By Shawn Harrington
Current Photographs By Hubert Schriebl
Historic Photographs Courtesy of Manchester Historical Society
The Grist Mill is shown here in this circa 1890 photograph with then-proprietor Col. Mason S. Colburn of Manchester, standing in the white suitcoat and hat. He also served as namesake for the Colburn House hotel that opened across the street in 1872 and is home of the Northshire Bookstore today.
The Grist Mill has been a fixture of Manchester Center’s streetscape since it was rebuilt in the 1840s by Myron Clark, replacing the original mill constructed in the 1790s by Timothy Meade. Clark and his son Augustus developed this portion of the west branch of the Battenkill River into a bustling industrial hub known as Factory Point. There were saw mills, a distillery, woolen mills, marble mills, and a large tannery, whose 60-foot-high stack stood as a sentinel to days past until it was taken down in the 1930s.
The estimated 100,000 bricks that formed the stack had been sold to Dellwood Cemetery Association, but were smashed beyond use when it fell during demolition.
Toward the end of the century, when efforts were being made by the local trade board to promote Manchester as a destination resort for the city elite, community members decided to remove the industrial stigma of the name Factory Point and rechristened the area Manchester Centre in 1887; the spelling changed in 1895 to Manchester Center.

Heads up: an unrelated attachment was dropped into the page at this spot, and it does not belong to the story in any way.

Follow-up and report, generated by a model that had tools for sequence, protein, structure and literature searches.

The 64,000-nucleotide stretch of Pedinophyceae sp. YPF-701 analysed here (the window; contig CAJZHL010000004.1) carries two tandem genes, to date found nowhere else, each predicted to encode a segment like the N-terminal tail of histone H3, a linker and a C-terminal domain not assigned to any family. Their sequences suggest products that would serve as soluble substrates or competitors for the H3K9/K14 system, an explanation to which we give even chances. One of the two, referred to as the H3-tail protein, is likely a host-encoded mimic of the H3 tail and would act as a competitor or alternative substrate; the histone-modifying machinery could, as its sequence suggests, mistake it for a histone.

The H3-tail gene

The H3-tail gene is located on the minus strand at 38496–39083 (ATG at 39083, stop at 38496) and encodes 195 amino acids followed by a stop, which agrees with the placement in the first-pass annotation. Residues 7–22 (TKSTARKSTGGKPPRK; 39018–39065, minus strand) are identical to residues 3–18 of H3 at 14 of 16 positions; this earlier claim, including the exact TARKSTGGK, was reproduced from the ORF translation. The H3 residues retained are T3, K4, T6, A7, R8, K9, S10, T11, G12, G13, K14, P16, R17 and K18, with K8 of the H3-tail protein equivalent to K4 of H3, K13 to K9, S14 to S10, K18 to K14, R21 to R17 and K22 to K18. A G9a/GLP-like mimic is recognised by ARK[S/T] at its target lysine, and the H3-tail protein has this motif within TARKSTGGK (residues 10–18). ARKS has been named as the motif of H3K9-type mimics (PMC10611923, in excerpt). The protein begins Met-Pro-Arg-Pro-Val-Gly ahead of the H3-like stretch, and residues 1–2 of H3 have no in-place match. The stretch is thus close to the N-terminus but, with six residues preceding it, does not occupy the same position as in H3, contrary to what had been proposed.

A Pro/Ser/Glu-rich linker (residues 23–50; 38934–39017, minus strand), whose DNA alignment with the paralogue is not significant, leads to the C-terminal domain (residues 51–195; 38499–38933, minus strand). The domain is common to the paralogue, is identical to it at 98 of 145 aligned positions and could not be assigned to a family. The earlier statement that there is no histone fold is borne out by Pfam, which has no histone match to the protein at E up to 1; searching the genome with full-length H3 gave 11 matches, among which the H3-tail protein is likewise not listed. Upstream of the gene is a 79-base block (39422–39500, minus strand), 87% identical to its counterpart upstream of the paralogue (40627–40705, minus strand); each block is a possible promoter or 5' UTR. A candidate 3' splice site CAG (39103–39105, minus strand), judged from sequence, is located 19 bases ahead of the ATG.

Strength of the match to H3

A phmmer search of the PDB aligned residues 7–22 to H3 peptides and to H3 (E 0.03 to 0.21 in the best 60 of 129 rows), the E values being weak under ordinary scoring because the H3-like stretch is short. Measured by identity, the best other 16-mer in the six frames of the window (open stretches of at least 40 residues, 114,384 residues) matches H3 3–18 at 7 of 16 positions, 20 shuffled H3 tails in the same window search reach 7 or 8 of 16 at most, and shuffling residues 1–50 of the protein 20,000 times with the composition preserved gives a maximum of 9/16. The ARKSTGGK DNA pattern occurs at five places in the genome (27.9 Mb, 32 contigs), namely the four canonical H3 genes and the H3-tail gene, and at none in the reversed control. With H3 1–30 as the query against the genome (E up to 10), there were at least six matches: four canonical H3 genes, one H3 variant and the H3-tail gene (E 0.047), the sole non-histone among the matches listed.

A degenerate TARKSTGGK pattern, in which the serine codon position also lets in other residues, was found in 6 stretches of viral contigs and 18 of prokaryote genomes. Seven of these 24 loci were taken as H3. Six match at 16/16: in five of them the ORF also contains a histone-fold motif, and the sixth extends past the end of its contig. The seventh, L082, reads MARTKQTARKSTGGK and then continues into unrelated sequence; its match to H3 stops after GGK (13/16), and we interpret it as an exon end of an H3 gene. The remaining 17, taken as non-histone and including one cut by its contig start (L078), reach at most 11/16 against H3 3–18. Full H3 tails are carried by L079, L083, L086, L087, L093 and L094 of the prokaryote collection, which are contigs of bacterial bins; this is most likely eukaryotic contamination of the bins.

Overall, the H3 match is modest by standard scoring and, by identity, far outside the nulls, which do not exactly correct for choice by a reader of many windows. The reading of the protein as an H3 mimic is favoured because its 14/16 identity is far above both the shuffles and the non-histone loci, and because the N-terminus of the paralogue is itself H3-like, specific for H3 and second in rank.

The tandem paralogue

In 1912, the Norcross and West Marble Company was contracted to replace the iron bridge that spanned the west branch on Main Street and to use materials quarried from their South Dorset property, which today is a popular swimming hole.
Many of the mills by this time had ceased operating, although the Grist Mill continued under other auspices. The Colvin family generated electricity from the waterfalls for a brief period before Earl Fowler returned it to a gristmill during the 1920s, after which it fell into disrepair.
In 1912, the Norcross and West Marble Company constructed the marble-arched bridge from materials quarried in South Dorset and milled in Manchester Depot. Stone from the quarry was also used to construct the New York Public Library on 5th Avenue at 42nd Street in Manhattan. The old quarry remains a popular swimming hole to this day.
The building just east of the mill, originally used for drying hides for the Clark tannery, changed ownership and purposes over the decades: it became a private residence, an Atlantic and Pacific Tea Company market, a farm equipment store, a diner, and eventually apartments. This building was razed in 1967 when the neighboring automobile dealership extended the size of its sales lot.
The hide-drying building was the last remnant of the Clark tannery to be removed in 1967 across the millpond from the Grist Mill; the 60-foot-high stack towers appear in the background in this circa 1930 image.
In the 1970s, Kim Kimball purchased the Grist Mill and carefully restored the building for his real estate business. Meanwhile, across the millpond the dealership property began the long process of conversion to the Factory Point Town Green, completed in the 1990s. The Grist Mill remains in the ownership of the Kimball family and is now the proud home of Stratton Magazine.